What's wrong?

SqlCommand cmd = new SqlCommand(@"Update       Perioada p join Client c on p.ID_Client = c.ID_Client
 SET  p.Date ='" + dateTimePicker1.Value.ToString("MM/dd/yyyy") + "' WHERE (c.CNP = '" + textBox1.Text + "')", con);

enter image description here

  • The syntax of your SQL statement is not correct. How to correct it will depend on which DB type you are using. See: stackoverflow.com/questions/1293330/…
    – jmoerdyk
    Jan 5 '16 at 23:53
  • I worked in SQL Server. The interface is in Visual Studio.
    – lx23
    Jan 5 '16 at 23:58
  • @Tim - actually, using parameterized queries is the correct way. As Harsh points out below, concatenated statements are ripe for SQL Injection attacks.
    – jmoerdyk
    Jan 6 '16 at 0:02

Assuming you are using SQL server (because you are using system.data.sqlclient), below is the correct syntax for update statement:

string sqlQuery = "Update p SET  p.Date =@dt from Perioada p join Client c on p.ID_Client = c.ID_Client WHERE (c.CNP = @cnp)"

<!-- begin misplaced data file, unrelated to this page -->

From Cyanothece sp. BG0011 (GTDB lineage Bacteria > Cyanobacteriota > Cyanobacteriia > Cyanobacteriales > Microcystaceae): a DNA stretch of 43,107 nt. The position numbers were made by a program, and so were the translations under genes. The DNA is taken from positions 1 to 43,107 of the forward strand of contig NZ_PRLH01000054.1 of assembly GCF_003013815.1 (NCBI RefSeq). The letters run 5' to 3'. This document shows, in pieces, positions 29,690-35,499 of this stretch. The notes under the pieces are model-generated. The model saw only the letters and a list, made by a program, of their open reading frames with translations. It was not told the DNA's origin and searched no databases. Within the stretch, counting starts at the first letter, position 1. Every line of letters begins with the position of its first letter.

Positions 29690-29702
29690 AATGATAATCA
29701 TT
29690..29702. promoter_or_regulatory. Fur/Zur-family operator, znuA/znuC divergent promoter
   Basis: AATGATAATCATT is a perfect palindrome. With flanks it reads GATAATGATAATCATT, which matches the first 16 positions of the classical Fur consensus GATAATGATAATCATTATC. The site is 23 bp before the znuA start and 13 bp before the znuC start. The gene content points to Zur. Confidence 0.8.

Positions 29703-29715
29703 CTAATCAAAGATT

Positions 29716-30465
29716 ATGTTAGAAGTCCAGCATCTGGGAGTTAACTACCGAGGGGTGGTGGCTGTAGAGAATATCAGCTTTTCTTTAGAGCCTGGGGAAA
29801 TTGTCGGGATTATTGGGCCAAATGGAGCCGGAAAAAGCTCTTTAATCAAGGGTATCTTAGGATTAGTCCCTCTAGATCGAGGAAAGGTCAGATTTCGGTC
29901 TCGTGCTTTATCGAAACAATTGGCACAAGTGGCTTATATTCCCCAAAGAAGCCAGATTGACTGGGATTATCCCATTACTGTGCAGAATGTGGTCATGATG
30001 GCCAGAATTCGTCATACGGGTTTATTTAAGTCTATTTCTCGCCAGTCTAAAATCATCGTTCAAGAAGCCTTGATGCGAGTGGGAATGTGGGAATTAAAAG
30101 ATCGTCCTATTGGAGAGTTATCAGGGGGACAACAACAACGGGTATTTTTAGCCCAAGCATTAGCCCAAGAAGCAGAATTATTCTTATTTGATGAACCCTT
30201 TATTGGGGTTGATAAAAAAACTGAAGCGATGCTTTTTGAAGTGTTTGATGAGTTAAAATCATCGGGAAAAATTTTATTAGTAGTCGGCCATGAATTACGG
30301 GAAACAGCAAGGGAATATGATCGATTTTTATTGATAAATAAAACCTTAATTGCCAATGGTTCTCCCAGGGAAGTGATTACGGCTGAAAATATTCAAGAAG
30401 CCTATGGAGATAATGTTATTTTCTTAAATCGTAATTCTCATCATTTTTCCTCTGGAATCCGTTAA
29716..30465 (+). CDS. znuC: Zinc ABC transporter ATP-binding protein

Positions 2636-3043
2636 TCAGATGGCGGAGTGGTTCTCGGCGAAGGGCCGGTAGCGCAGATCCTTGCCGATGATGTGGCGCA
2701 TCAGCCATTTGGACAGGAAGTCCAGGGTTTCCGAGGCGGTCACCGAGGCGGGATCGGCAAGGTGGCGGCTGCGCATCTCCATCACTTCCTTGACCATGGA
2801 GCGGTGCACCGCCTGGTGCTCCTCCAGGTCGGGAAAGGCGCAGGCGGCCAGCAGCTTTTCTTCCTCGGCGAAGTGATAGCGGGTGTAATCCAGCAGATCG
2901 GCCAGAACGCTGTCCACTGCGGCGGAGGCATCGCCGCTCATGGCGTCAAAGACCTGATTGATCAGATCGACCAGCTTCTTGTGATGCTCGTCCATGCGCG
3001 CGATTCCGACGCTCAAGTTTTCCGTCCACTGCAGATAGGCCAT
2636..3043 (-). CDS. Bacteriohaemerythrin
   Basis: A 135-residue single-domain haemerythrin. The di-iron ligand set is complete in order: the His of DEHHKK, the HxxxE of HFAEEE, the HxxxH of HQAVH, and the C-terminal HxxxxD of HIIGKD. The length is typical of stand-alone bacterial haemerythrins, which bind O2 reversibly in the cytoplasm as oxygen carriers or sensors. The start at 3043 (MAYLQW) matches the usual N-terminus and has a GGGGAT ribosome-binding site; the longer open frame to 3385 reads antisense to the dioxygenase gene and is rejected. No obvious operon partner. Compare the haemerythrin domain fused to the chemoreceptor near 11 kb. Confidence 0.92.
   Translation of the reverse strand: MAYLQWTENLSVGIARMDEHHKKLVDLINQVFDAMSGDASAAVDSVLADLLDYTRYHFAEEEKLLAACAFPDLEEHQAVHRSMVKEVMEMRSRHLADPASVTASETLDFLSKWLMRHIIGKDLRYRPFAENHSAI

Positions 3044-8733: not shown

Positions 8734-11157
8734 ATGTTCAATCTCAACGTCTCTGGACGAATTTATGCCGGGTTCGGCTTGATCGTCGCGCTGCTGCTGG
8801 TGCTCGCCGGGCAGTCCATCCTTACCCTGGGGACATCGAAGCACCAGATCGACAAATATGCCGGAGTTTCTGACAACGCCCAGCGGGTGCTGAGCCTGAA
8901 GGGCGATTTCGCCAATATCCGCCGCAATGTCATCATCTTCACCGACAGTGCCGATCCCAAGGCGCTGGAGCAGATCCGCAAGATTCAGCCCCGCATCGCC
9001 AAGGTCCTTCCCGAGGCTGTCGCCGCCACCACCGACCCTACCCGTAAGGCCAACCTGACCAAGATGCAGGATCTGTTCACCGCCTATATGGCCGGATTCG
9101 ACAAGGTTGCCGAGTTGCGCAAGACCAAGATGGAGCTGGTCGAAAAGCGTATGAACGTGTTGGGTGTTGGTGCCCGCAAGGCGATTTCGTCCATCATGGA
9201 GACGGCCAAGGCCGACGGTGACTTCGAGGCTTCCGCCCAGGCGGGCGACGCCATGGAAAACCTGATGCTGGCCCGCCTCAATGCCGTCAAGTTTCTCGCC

using (SqlConnection con = new SqlConnection(connectionString))
    SqlCommand command = new SqlCommand(sqlQuery, con);
    command.Parameters.AddWithValue("@dt", dateTimePicker1.Value.ToString("MM/dd/yyyy"));
    command.Parameters.AddWithValue("@cnp", textBox1.Text);

    catch (Exception ex)

On a side note, you should use SqlParameter to pass input control's values to the sql server, instead of manually creating sql query with appended values. Your way of creating query is prone to SQL injection attack.

EDIT: Edited answer to depict a way to use parameterised query

  • It would be a much better answer in my opinion if you showed the OP doing it with using() {} as well as Parameterized query +1
    – MethodMan
    Jan 6 '16 at 0:04

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